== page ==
No one knows how to squeeze every penny out of customers quite like casinos. And the latest place they're looking to get a little extra is in the parking lot.
MGM Resorts (NYSE:MGM) was the first to bring parking fees to The Strip last year, and when they did, it was obvious this was just a first step. Caesars Entertainment (NASDAQ:CZR) and others would follow and eventually everyone would raise prices from their initial fees. On Wednesday, parking fees went up at MGM, just the latest way the company is looking to grow revenue off the casino floor.
Parking just got a lot more expensive
MGM is adding tiers to parking pricing, increasing fees at MGM Grand, Mandalay Bay, The Mirage, Delano, and New York, New York to $10 for two to four hours and $12 for four to 24 hours, an increase of $3 and $2, respectively. At Bellagio, Aria, and Vdara valet parking was increased from $18 per day to $25. You can see the full schedule here, but in general prices are up 20%-40% for stays over an hour (which are still free).
Hotel guests won't even get around the fees, although they do get in-and-out usage. But this is another way to increase prices without raising room rates. And with MGM's increased fees, we can expect that Caesars Entertainment will follow close behind.
Looking for growth wherever you can find it
The truth is that Las Vegas gaming revenue has been flat for the last five years, so there's not much growth at the gaming tables. Gaming companies clearly need to look for growth elsewhere.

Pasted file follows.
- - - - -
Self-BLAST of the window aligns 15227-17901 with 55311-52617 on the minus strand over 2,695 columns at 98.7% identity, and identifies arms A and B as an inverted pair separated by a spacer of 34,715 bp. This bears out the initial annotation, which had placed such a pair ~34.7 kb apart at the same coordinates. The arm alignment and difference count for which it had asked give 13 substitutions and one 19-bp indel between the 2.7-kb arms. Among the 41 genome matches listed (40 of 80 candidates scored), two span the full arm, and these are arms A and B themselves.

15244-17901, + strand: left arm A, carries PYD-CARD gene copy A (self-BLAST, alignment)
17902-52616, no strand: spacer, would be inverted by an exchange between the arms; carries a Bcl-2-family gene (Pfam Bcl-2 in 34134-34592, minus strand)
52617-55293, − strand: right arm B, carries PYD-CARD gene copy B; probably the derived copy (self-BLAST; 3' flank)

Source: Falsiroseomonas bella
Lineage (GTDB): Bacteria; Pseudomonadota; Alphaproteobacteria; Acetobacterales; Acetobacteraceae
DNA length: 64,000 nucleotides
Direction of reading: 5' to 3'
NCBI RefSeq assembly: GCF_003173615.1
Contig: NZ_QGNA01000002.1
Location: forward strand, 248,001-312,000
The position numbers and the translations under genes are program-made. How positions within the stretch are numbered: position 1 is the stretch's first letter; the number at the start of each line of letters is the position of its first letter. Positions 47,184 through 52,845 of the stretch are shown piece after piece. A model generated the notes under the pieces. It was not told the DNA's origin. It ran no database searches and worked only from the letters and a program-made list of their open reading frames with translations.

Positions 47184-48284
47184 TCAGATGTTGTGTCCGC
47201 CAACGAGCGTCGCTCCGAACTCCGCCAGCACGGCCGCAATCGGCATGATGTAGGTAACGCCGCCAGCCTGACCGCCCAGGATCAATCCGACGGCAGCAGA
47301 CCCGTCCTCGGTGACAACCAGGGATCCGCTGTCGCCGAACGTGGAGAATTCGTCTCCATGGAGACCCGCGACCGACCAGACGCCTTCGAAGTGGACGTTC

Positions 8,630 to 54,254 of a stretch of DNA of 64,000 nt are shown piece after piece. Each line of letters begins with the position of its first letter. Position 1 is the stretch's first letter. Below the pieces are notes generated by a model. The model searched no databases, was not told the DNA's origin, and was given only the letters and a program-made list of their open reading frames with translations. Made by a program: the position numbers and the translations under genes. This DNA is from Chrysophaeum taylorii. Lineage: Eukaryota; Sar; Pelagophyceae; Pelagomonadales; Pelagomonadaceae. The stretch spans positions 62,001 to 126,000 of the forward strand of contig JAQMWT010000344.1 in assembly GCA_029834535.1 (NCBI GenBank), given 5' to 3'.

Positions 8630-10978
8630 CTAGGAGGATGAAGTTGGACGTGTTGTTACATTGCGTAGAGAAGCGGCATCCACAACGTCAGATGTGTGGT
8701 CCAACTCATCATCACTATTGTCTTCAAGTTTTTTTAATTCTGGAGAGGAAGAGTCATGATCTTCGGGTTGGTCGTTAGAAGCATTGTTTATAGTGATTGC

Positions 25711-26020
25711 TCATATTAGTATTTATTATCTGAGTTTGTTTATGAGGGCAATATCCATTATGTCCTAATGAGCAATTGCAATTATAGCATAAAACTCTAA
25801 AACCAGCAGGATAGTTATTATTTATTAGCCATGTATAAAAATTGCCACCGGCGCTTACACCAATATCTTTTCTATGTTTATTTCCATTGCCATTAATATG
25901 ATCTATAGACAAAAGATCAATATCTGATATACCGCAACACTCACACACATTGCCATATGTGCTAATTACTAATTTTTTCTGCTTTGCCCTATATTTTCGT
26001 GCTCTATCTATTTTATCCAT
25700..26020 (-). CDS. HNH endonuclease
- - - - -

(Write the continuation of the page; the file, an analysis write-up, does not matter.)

The last time we saw casinos looking for more revenue, they added resort fees. The fee for simply staying in a hotel quickly spread across Las Vegas, and now it's a standard at nearly every resort. Parking fees look like they'll be similar.
The potential is enormous for parking revenue. MGM doesn't break out parking as a line item on the income statement, but revenue per available room was $140 and total room revenue was $2.02 billion in 2016. Assuming that on average the number of full-day self-serve parking customers equals the number hotel guests, a fee of $12 per guest would be about $173 million. This is the ballpark of parking revenue and Caesars could expect to be in a similar range.
The future of Las Vegas is off the gaming floor
This is just the latest move in Las Vegas to generate revenue off the gaming floor. Las Vegas has become more of an entertainment destination for concerts, live shows, nightclubs, restaurants, and shopping. And with that economic reality in mind, it makes sense for resorts to squeeze customers in areas like hotel rooms and parking. If Las Vegas itself is the destination, and not the gaming table, parking fees are like a fee for entry, just like at a high-end nightclub.